Introduction to Redis Using Spring Boot

The translation of the article was prepared specifically for students of the course "Developer on the Spring Framework".

In this article, we will cover the basics of using Redis through Spring Boot using the Spring Data Redis library.

We will create an application that demonstrates how to perform CRUD operations through a web interface. The source code for this project is available on GitHub .

What is Redis?

Redis is an open source data warehouse for key-value data structures that can be used as a database, cache, and message broker. In terms of implementation, key-value stores are some of the largest and oldest representatives in the NoSQL world. Redis supports data structures such as strings, hashes, lists, sets, and sorted sets with range queries.

The Spring Data Redis framework makes it easy to write Spring applications that use Redis storage, providing a convenient abstraction of data storage.

Redis Server Setup

Server is available for free here .
If you are using a Mac, you can install it using homebrew :

 brew install redis 

Then start the server:

 mikes-MacBook-Air:~ mike$ redis-server 10699:C 23 Nov 08:35:58.306 # oO0OoO0OoO0Oo Redis is starting oO0OoO0OoO0Oo 10699:C 23 Nov 08:35:58.307 # Redis version=4.0.2, bits=64, commit=00000000, modified=0, pid=10699, just started 10699:C 23 Nov 08:35:58.307 # Warning: no config file specified, using the default config. In order to specify a config file use redis-server /path/to/redis.conf 10699:M 23 Nov 08:35:58.309 * Increased maximum number of open files to 10032 (it was originally set to 256). _._ _.-``__ ''-._ _.-`` `. `_. ''-._ Redis 4.0.2 (00000000/0) 64 bit .-`` .-```. ```\/ _.,_ ''-._ ( ' , .-` | `, ) Running in standalone mode |`-._`-...-` __...-.``-._|'` _.-'| Port: 6379 | `-._ `._ / _.-' | PID: 10699 `-._ `-._ `-./ _.-' _.-' |`-._`-._ `-.__.-' _.-'_.-'| | `-._`-._ _.-'_.-' | `-._ `-._`-.__.-'_.-' _.-' |`-._`-._ `-.__.-' _.-'_.-'| | `-._`-._ _.-'_.-' | `-._ `-._`-.__.-'_.-' _.-' `-._ `-.__.-' _.-' `-._ _.-' `-.__.-' 10699:M 23 Nov 08:35:58.312 # Server initialized 10699:M 23 Nov 08:35:58.312 * Ready to accept connections 

Maven dependencies

Let's declare the necessary dependencies in pom.xml for the application we will work with:

 <dependency> <groupId>org.springframework.boot</groupId> <artifactId>spring-boot-starter-data-redis</artifactId> </dependency> <dependency> <groupId>org.springframework.boot</groupId> <artifactId>spring-boot-starter-thymeleaf</artifactId> </dependency> <dependency> <groupId>org.springframework.boot</groupId> <artifactId>spring-boot-starter-web</artifactId> </dependency> 

Redis configuration

We need to connect our application with the Redis server. To establish a connection, we use Jedis , a client implementation of Redis.


Let's start with the definition of configuration beans:

 @Bean JedisConnectionFactory jedisConnectionFactory() { return new JedisConnectionFactory(); } @Bean public RedisTemplate<String, Object> redisTemplate() { final RedisTemplate<String, Object> template = new RedisTemplate<String, Object>(); template.setConnectionFactory(jedisConnectionFactory()); template.setValueSerializer(new GenericToStringSerializer<Object>(Object.class)); return template; }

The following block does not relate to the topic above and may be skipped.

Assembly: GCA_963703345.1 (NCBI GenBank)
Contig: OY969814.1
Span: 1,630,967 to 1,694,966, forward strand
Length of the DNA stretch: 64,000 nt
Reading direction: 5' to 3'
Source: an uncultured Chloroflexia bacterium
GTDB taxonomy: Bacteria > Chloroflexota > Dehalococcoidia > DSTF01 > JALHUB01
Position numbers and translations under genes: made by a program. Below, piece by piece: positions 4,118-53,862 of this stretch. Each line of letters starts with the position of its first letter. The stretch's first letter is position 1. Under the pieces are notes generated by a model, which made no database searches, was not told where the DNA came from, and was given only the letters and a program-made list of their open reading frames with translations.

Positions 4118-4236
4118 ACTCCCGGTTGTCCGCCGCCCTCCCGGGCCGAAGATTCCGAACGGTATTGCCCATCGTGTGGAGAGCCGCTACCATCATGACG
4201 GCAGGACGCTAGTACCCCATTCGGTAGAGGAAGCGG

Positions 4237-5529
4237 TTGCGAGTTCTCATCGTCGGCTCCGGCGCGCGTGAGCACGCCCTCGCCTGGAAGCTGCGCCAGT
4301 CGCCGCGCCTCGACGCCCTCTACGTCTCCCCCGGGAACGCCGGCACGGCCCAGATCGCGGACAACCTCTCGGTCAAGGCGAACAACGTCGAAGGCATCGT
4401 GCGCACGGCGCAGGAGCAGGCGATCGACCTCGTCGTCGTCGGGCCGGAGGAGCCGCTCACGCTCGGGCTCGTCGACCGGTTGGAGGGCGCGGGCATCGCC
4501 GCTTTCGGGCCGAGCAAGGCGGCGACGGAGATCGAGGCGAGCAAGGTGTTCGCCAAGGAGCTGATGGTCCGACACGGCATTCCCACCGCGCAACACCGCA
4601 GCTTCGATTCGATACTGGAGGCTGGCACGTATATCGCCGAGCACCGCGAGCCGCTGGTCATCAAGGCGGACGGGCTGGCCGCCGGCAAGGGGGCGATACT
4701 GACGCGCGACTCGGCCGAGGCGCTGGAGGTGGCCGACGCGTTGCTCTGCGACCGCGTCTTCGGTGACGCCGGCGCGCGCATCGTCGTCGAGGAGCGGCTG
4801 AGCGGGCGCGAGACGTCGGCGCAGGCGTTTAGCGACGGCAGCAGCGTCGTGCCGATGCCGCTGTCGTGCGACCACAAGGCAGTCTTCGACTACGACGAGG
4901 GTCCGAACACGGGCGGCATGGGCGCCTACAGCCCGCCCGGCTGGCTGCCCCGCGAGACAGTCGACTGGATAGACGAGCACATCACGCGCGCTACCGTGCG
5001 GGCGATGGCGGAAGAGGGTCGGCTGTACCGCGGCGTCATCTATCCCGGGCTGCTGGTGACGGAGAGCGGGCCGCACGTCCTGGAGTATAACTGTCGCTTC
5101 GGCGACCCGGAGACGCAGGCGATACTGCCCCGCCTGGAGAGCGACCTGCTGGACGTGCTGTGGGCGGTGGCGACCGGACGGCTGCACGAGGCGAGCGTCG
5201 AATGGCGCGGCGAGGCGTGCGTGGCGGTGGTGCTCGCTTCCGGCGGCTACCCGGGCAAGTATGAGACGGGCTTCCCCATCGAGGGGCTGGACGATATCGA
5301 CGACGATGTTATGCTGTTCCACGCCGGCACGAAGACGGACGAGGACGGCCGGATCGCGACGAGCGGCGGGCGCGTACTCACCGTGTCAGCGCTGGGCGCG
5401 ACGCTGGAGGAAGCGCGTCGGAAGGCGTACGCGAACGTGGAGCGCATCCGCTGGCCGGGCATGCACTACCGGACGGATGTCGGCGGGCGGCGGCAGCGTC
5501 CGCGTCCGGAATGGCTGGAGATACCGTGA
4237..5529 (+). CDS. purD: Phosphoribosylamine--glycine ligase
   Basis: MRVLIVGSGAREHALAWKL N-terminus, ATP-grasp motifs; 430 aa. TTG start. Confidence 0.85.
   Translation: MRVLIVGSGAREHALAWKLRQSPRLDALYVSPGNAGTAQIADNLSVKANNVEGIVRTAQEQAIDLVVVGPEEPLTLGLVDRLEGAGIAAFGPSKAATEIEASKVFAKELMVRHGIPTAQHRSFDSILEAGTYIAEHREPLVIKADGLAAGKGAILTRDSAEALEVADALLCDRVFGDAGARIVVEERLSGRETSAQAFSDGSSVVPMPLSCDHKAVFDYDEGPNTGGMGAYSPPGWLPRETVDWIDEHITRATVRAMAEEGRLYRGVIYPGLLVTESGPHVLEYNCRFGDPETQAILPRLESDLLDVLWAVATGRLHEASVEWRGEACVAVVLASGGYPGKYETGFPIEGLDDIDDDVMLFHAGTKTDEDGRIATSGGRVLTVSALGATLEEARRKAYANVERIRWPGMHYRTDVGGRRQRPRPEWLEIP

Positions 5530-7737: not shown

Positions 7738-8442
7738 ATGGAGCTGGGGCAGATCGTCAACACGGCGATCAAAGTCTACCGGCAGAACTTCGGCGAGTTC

JedisConnectionFactory is presented as a bean, so that we can create a RedisTemplate to request data.

Post Publisher

Following the principles of SOLID , we create the MessagePublisher interface:

 public interface MessagePublisher { void publish(final String message); } 

We implement the MessagePublisher interface using the high-level RedisTemplate to publish a message, since RedisTemplate allows RedisTemplate to send arbitrary objects as messages:

 @Service public class MessagePublisherImpl implements MessagePublisher { @Autowired private RedisTemplate<String, Object> redisTemplate; @Autowired private ChannelTopic topic; public MessagePublisherImpl() { } public MessagePublisherImpl(final RedisTemplate<String, Object> redisTemplate, final ChannelTopic topic) { this.redisTemplate = redisTemplate; this.topic = topic; } public void publish(final String message) { redisTemplate.convertAndSend(topic.getTopic(), message); } } 

We also define this as a bean in RedisConfig :

 @Bean MessagePublisher redisPublisher() { return new MessagePublisherImpl(redisTemplate(), topic()); } 

Message recipient

To subscribe to messages, you need to implement the MessageListener interface: each time a new message arrives, the user code located in the onMessage method is onMessage . This interface provides access to the message, the channel through which it was received, and allows you to use any template used to subscribe to the channel.

 @Service public class MessageSubscriber implements MessageListener { public static List<String> messageList = new ArrayList<String>(); public void onMessage(final Message message, final byte[] pattern) { messageList.add(message.toString()); System.out.println("Message received: " + new String(message.getBody())); } } 

Also, this class must be registered as a bean in RedisConfig :

 @Bean MessageListenerAdapter messageListener() { return new MessageListenerAdapter(new MessageSubscriber()); } 


Now that we have set up the application to interact with the Redis server, we will prepare the application for receiving test data.


For this example, we define a Movie model with two fields:

 private String id; private String name; //standard getters and setters 

Repository interface